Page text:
The thing that bothers me about the movement to boycott festival because of the policy of excluding transwomen is that anyone who goes to festival, regardless of where they are on the issue, is labeled transphobic. It really doesn’t matter if you support changing the women-born-women policy. If you go, you’re labeled. The biggest problem is for performers. A friend of mine was going to perform on the acoustic stage, and once the lineup was announced, she got such pressure from her fan base that she chose to pull out. They’re mostly college women—and she said they were just devastated that she would consider going to festival. She wasn’t responding directly to the boycott but to the devastation of her fan base.
Would it be easier to just drop the women-born-women requirement? Sure, but I don’t know that as women we ever choose the easy route. I see this as an opportunity to grow as a community, to figure out how to not engage hatefully with each other. After all, labeling performers as transphobic, regardless of their work in the queer community, threatens their livelihood.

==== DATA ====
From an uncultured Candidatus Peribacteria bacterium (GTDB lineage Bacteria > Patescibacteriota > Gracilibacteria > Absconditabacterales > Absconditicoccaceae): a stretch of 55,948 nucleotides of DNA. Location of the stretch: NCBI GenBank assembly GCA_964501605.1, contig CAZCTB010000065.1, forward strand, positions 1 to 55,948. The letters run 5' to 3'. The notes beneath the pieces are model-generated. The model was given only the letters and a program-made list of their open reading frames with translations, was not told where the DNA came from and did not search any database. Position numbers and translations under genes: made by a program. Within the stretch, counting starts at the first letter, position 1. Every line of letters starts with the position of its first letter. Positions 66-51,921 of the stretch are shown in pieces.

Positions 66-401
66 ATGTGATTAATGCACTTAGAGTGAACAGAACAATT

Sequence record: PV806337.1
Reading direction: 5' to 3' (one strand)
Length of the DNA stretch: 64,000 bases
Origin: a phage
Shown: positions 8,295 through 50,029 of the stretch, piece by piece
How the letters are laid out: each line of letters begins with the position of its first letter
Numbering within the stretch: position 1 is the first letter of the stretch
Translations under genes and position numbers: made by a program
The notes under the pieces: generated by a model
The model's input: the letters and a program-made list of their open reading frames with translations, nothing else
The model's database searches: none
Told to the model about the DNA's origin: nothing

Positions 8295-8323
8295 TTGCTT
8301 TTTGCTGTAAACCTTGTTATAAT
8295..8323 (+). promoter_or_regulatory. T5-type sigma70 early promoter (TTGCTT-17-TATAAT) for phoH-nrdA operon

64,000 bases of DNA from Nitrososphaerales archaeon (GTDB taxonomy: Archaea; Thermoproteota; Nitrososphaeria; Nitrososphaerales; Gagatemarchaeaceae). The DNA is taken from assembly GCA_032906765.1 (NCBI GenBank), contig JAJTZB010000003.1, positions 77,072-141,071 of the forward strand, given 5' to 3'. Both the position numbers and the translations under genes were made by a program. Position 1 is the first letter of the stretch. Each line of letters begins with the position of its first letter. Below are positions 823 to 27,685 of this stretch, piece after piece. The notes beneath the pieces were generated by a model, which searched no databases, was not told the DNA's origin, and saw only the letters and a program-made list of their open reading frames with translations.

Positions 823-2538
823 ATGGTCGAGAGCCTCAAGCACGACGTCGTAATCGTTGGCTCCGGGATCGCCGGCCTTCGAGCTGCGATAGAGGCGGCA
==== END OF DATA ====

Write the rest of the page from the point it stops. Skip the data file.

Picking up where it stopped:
I don’t consider myself transphobic. I feel you can support trans community, support interaction of trans and queer politics, and you can want separate space for women-born-women. To me, they’re not mutually exclusive. I feel like we have a right to say, “We need this space” and not be attacked for that.
Festival feeds me. I feel like I need to go there to survive the rest of the year. It really is a replenishing of my spirit. It’s nice to take a step back and feel safe, feel comfortable in your body, feel connected, rejuvenated, and then go back into the world.